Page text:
I’ve trained a telescope in on a nearby galaxy in the small constellation of Triangulum near the constellations of Andromeda and Pisces. The galaxy is M33 and is a member of the Local Group. I have to say that I’m quite pleased with my result, even with fairly short exposure times.
A larger, full-frame view of the galaxy can also be seen here. Exposure and instrument information is also on that page.
Much more about this object and image are below.
Messier 33 is sometimes called the Triangulum Galaxy for it’s location in the sky. It is relatively close for a spiral galaxy of significant size and, as I said above, is a member of the Local Group. Indeed, of the galaxies in the Local Group, this is the third largest coming only after the famous Andromeda Galaxy and our own Milky Way. After this, the galaxies in our own cluster are much smaller in size. M33, or NGC 598 as it is also designated, is approximately 2.98 ± 1.20 million light-years (or 0.915 ± 0.367 mega-parsecs) away. (OK, you can round that to 3 million light years.) It’s approximate size is about 50,000 light-years across, which is about half the diameter of our own galaxy.
M33 is also interesting because it has some very large star forming regions. Astronomers call these areas HII regions (the II here is a roman numeral 2), and they are made up of clouds of ionized hydrogen. The electrons are stripped off of the interstellar hydrogen by ultraviolet radiation from young, bright, and very hot stars that have formed within the cloud. These clouds grow to have very high temperatures, as well, on the order of 10,000 Kelvin. The result is that these clouds glow in the radio spectrum and often in visible light. Hence they are also called emission nebulas because they emit light. As a result they are visually red in color. (Nebulas that reflect light are typically blue.) The Orion Nebula is perhaps the most famous example of an HII region or emission nebula. It might be interesting to image the galaxy again with a narrow band H-alpha filter to see how much it bring out these regions.
M33 contains the largest known HII region, a deep sky object cataloged as NGC 604. It shows up clearly in my photograph of the Triangulum Galaxy as a bright blotch with hints of red at the top of the galaxy a bit to the right of center. NGC 604 is estimated to be about 1500 light-years across on its longest dimension and several thousand times more luminous than the Orion Nebula. The image below shows the location of NGC 604 and a Hubble Space Telescope image of the nebula.
A slightly larger size of this image can be seen here.
You might have asked yourself by now “What are the M and NGC numbers? And what’s a Messier?”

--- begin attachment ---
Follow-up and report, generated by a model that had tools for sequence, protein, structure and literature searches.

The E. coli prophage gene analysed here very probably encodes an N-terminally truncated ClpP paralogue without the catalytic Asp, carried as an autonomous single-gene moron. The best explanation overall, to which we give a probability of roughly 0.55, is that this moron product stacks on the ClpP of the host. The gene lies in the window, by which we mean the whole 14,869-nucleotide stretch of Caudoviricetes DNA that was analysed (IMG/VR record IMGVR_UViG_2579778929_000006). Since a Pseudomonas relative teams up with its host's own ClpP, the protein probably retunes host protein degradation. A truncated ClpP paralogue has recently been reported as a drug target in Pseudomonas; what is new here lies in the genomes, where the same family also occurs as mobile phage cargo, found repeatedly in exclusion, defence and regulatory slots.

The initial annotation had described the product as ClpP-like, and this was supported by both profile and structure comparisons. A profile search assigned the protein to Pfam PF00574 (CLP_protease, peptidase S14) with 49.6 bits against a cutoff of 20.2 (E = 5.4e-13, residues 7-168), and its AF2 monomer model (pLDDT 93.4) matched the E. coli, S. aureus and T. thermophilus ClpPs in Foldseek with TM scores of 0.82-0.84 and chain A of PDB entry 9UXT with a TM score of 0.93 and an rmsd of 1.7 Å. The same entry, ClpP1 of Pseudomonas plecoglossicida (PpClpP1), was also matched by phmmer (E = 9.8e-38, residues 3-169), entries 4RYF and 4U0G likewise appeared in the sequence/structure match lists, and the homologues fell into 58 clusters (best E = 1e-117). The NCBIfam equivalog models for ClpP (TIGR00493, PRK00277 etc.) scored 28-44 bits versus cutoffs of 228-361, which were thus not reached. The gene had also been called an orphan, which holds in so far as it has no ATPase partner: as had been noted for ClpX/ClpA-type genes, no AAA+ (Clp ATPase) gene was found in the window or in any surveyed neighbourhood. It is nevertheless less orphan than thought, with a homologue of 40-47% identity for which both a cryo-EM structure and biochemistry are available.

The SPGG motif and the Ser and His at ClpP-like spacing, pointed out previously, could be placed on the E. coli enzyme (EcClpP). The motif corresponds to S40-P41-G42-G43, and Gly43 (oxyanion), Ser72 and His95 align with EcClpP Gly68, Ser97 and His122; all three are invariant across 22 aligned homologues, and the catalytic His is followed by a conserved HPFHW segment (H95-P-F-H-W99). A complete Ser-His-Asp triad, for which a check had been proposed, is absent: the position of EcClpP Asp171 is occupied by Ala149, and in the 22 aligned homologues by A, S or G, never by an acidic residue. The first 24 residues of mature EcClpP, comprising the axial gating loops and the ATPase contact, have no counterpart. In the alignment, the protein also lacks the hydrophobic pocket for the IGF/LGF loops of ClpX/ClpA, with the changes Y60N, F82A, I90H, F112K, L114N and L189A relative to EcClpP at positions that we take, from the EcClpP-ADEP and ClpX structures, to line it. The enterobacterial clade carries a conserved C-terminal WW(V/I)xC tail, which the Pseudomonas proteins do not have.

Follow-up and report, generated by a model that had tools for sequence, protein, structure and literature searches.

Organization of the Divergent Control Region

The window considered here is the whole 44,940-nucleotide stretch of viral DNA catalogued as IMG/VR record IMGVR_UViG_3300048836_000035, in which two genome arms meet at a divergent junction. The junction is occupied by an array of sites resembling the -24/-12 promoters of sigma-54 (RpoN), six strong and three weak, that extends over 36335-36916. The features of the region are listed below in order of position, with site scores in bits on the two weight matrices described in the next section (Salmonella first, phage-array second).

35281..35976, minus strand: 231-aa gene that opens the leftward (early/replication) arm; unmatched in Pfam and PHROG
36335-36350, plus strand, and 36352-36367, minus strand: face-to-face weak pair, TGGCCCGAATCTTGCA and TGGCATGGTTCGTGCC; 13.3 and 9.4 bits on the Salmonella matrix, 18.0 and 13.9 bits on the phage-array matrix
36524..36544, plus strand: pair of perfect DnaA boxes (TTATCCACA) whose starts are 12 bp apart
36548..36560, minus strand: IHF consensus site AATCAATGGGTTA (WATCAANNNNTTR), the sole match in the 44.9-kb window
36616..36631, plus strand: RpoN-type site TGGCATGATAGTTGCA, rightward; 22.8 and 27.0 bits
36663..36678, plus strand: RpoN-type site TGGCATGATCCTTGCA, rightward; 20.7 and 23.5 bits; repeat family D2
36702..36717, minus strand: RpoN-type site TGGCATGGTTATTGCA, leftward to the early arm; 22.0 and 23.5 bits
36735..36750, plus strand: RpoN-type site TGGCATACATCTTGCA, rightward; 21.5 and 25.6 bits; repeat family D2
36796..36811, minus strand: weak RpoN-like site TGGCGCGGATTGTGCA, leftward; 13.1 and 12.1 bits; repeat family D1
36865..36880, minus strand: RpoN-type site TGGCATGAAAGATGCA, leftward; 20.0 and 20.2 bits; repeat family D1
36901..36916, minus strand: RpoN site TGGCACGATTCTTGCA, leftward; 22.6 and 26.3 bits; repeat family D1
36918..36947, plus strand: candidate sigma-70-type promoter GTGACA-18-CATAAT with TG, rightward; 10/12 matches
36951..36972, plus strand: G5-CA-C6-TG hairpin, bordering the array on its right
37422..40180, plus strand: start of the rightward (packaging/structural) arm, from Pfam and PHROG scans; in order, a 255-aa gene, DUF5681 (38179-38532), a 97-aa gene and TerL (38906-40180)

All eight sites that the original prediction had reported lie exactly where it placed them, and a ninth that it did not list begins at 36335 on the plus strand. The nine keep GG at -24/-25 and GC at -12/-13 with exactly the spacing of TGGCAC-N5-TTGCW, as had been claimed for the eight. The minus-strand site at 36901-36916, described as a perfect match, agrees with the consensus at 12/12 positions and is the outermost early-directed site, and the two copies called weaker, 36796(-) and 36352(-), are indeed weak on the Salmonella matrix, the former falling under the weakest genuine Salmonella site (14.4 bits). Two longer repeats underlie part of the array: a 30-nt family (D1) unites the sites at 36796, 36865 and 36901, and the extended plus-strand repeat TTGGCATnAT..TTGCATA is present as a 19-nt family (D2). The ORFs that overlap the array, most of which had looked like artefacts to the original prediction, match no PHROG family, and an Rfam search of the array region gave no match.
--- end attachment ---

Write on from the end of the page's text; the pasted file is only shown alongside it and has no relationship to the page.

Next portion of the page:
In order to be clear about what object one is talking about, astronomers us a variety of catalogs of deep space objects to distinguish objects. There are a number of them which overlap. The oldest catalog of deep space objects was created by the French astronomer Charles Messier. Messier was a comet hunter, and produced his catalog as an aid to himself and others so that they could know if a particular nebulous patch was a fixed object or something not previous seen and worth further investigation. He published the first edition of his catalog in 1774 and it contained 45 objects. By the time he published is final version in 1781, it had grown to 104 items. Since then it has been found that his notes contain several other objects not in his catalog, and they too have been given Messier numbers, bringing the total to 110 objects. Because these are relatively bright and often quite interesting, the nebulae, galaxies, globular clusters, and open clusters in Messier’s catalog are popular objects for backyard astronomers and astrophotographers.
The NGC numbers belong to a much larger catalog called the New General Catalogue which comprises a total of 7,840 non-stelar, deep space objects of all types. It was compiled in the 1880s, based largely on the observations of the famous and notable astronomer William Herschel and his son John. All the Messier objects appear in the NGC catalog, which is why the Triangulum Galaxy is both M33 and NGC 598.
Why use these numbers rather than easier to remember names like the Andromeda Galaxy (M31), the Orion Nebula (M42), or the Spindle Galaxy (NGC 5866)? Such popular names can be confusing and inspecific. Some objects have more than one name. The open cluster in Cassiopeia that I posted an image of recently, for example, is often called the Owl Cluster. But it has apparently been called the ET cluster by some amateur astronomers. And some common names have been applied to multiple objects. There are at least three galaxies which have been called the Pinwheel Galaxy. There is the usual designee, the spectacular face-on, grand-design spiral in Ursa Major also called M101. There is the Southern Pinwheel Galaxy (M83) in Hydra. And the very galaxy imaged at the top of this post, M33, has also been called the Pinwheel by some.
Meanwhile, weather in Australia hasn’t been cooperating with allowing time for the telescope in the state of Victoria to collect imaging data on the nebula I had planned to do next. Too many clouds and too much rain for an astronomer’s delight. But it’s still in the queue and waiting for good weather and the right telescope time.